National Viola and Pansy Society Newsletter Autumn/Winter 1999

The Violettas

I have re-produced H.H. Crane's article from 1960. With his father D.B. Crane he did much to improve the strain. violetta Buttercup 'Buttercup' still exists, although I have seen some plants thus labeled that clearly are not.

Morris May lists a most comprehensive collection at

Planta Vera
Lynne Hill Nursery,
Chertsey,
Surrey
KT16 OAT
Telephone: 01932 563011

[While the above was true when the article was written, I believe Morris May is no longer offering violas for sale]

On a personal note I would not be without 'Rebecca' Rebecca' , which I believe arose as a sport from 'Blue Boy' with Richard Cawthorne

The Violettas Howard H. Crane, F.L.S.

What are Violettas? Most growers of hardy plants know, vaguely possibly, that they are some kind or strain of small violas or pansies, but are at a loss to give any more precise definition. With the difficult conditions that have existed over the past few decades this is perhaps hardly surprising; but before the turn of the century and for some years after they were popular little garden plants grown and distributed by some well-known nurseries of the day. Unfortunately the exigencies of World War I resulted in the loss of many varieties and a great deal of stock of these charming little pansies; but, in the years following, work on them was started afresh and they were again beginning to be recognized as valuable additions to the flower garden. With the advent of World War II they once more suffered a serious setback, and had it not been for the efforts of a few enthusiasts it is not unlikely that the strain would have been lost to cultivation, as has happened with not a few other garden plants.

In order properly to consider the plants and flowers known as Violettas it will be expedient, if not necessary, first of all to refer briefly to the development of pansies and violas as they are known today.

Although it seems evident that the heartsease (Viola tricolor ) and the yellow mountain pansy (V. lutea ) had been grown in gardens from the sixteenth century, it was apparently not until early in the nineteenth century circa 1810-13 that systematic work was begun in the selection and cultivation of good forms of V. tricolor and subsequently other species. Progress in the raising and selection of improved forms seems to have been fairly rapid and within the next twenty years or so large numbers of plants with interesting and colourful flowers were raised. For instance in the Floricultural Cabinet, published in 1833, there are coloured illustrations of some of those which were highly thought of at the same time. Between the years 1835 and 1838 there was issued in twenty-four parts a publication with the somewhat lengthy title A History and Description of the Different Varieties of the Pansey (sic) or Heartsease now in Cultivation in the British Gardens. Hand-coloured lithographic plates are an interesting feature of this publication.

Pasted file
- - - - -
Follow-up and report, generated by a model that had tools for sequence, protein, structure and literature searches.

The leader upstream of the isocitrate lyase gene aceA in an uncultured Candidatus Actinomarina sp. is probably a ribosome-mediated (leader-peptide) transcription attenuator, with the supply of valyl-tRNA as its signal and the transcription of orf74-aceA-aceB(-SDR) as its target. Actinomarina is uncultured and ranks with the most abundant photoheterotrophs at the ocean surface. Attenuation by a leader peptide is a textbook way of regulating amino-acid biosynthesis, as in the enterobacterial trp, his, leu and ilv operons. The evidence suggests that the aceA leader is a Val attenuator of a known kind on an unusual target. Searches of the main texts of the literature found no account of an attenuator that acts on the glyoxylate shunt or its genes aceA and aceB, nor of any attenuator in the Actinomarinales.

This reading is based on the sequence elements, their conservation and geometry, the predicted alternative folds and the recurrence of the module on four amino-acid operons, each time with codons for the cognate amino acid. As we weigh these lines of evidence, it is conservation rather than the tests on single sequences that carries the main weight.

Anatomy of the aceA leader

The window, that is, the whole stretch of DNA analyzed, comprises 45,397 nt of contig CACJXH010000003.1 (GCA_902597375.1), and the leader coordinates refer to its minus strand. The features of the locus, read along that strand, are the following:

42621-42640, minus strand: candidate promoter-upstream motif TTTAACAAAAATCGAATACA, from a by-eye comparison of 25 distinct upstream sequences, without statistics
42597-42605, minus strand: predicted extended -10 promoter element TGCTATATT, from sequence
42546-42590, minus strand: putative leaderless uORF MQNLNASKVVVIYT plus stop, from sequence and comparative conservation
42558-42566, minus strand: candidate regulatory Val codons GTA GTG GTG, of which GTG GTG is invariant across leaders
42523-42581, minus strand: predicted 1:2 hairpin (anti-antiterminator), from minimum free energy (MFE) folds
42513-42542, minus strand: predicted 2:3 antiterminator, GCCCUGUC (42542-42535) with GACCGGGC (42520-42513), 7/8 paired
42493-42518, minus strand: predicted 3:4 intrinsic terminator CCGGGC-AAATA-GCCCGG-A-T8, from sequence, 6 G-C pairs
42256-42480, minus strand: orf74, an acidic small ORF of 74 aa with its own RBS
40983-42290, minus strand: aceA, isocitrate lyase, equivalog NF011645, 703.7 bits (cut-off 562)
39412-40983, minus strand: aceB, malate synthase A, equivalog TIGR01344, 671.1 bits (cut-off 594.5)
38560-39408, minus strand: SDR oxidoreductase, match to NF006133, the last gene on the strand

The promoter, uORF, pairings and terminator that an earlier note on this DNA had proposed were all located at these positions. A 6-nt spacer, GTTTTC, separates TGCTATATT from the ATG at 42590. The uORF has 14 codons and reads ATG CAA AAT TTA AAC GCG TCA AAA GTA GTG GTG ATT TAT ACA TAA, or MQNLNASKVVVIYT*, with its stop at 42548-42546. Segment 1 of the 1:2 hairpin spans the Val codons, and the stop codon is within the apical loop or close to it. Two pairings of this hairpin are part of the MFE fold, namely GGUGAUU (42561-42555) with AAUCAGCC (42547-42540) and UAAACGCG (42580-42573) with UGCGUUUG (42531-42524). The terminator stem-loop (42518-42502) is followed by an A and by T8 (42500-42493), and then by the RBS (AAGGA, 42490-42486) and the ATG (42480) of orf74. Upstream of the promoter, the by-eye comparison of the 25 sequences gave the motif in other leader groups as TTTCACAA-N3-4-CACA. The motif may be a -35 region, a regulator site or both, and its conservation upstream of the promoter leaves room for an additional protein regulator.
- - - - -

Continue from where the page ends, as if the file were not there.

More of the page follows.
As time went on, the blossoms of these cultivated pansies, to achieve merit in the eyes of the plantsmen of the day, had to conform to certain fixed standards of shape and markings; what subsequently became known as Show Pansies were thus developed. Very briefly the flowers of Show Pansies had to be of circular shape, mainly self colours but sometimes margined with a darker tint, with small dense markings in the centre of the flower on the three lower petals. There are very few named varieties of Show Pansies grown nowadays and these mainly north of the Border. In many a cottage garden throughout the country, however, blossoms of pansies indicating Show Pansy influence are still to be seen.

Now these fixed standards, with the somewhat limited colour range allowed, did not suit or please everybody. The interest of continental growers had already been aroused and so began the development of strains and varieties of brilliant colouring as opposed to the more restrained colours and markings of the Show Pansies. Growers both here and on the Continent went all out for brightness and resplendence in colour. As time went on there were evolved varieties with large velvety flowers, good specimens or types of which in their turn had to conform to certain recognized standards; in due course they became known as Fancy Pansies. A good type of Fancy Pansy is readily distinguished by the large dense "blotch" of deep colour which almost covers the three lower petals, leaving a broad belt of a lighter colour on the margins. The blossom should be circular, of good proportions, with petals of stout substance and texture lying as flat as possible, the top edge of the bottom petal being horizontal. A limited number of named varieties of Fancy Pansies vegetatively propagated of course are still grown in Scotland and the North. There are some good types of Fancy Pansy, too, grown from seed and treated as annuals or biennials. Many firms, both in this country and on the Continent, have their own special strains; the beds in which the seed parents are grown are carefully rogued in order that the strains may be kept true to type. A few years ago in the Wisley Gardens there was a trial of pansies grown from seed; it evoked a deal of interest.